There are times when I enjoy sliding into the “nerdy” side of Bible study. When those times come, it is always helpful to have on hand something to assist that journey. While I am no Greek scholar, I do appreciate and understand the necessity of engaging the original languages when at all possible. Murray Harris has provided such a tool in his Exegetical Guide to the Greek New Testament: John edited by Andreas Kostenberger and Robert Yarbrough.
What is quickly apparent in this book is the magnitude of scholarly insight that is brought to bear by the author. That is, of course, understandable given he is after all the professor emeritus of New Testament exegesis and theology at Trinity Evangelical Divinity School. Credentials aside, Harris provides his years of experience to the task of walking the reader through the Gospel of John. Along the way, he investigates all the relevant terms, concepts, and principles. He pays careful attention again to word meanings as they are understood from the Greek text.
There is much to enjoy about this book outside of the excellent exegesis. As with any valuable commentary, Harris begins by discussing important background issues such as authorship, audience, setting, date of writing, genre, how John relates to the Synoptic Gospels, the style of Greek used by John, and the overall structure of the gospel. All this serves as an essential foundation for understanding the overall thrust and message of John’s Gospel.
When it comes to the analysis and commentary section, as noted previously, it is top notch. For instance, Harris expertly outlines what the term Logos means, investigating the variety of possible meanings while noting the correct meaning of the term. Following his outstanding exegesis, the conclusion of each section contains a rather large bibliography that is divided into suggestions for each verse or periscope. I always appreciate suggestions for further reading, especially when they are so focused and divided out by sections of Scripture. Furthermore, for pastors, Sunday School instructors, and even small group leaders, Harris provides homiletical suggestions.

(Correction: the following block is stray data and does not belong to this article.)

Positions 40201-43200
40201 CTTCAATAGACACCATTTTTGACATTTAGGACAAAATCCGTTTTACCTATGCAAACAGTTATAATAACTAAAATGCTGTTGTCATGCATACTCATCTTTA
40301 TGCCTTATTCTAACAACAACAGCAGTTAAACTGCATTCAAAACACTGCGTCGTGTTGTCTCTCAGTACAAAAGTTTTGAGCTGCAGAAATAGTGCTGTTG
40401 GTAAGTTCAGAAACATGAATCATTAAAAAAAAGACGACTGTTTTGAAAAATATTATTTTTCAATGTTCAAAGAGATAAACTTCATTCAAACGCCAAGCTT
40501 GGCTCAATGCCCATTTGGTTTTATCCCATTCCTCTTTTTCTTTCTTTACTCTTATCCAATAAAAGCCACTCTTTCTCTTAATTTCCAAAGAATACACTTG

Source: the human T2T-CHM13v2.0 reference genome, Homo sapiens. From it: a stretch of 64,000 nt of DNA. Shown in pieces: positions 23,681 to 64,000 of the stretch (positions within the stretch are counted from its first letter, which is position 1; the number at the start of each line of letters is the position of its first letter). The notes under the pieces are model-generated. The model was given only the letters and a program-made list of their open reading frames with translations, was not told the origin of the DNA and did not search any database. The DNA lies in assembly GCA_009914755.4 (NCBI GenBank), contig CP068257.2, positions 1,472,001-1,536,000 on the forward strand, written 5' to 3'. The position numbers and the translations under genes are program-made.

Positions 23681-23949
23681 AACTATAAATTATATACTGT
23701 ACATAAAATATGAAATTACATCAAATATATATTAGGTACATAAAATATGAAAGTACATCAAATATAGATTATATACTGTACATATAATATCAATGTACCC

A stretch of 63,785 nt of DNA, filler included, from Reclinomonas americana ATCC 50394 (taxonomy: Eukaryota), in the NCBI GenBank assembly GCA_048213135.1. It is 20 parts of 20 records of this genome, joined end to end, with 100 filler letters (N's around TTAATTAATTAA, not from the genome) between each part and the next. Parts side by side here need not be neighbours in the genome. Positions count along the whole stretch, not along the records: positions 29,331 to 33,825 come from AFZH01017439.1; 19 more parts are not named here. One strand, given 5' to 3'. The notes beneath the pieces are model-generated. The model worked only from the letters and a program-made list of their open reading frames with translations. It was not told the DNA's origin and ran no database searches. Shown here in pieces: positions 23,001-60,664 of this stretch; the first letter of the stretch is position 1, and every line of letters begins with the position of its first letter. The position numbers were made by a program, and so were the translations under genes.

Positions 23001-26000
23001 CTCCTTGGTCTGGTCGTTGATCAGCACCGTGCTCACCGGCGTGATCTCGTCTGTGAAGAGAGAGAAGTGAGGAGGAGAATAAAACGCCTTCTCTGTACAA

Now mind you the typical church audience might not be ready and able to handle an in-depth discussion of the Greek. With that said having a proper understanding of the text based on the correct engagement of the terms will assuredly provide the instructor of God’s Word with powerful tools for instructing the Body of Christ.
I highly recommend this commentary. It will be quite useful for Bible College and Seminary students, pastors, and lay people. This commentary is scholarly; yet still accessible for those willing to take the time to diligently study.
One needs not be a master of Greek to find this commentary useful. You just need the desire to study and that desire should be inherent in the Bible study habits of all believers. Using this commentary will go a long way towards a deeper understanding of the Gospel of John.
I received this book for free from B&H Academic and the opinions I have expressed are my own. I am disclosing this in accordance with the Federal Trade Commission’s 16 CFR, Part 255 : “Guides Concerning the Use of Endorsements and Testimonials in Advertising.”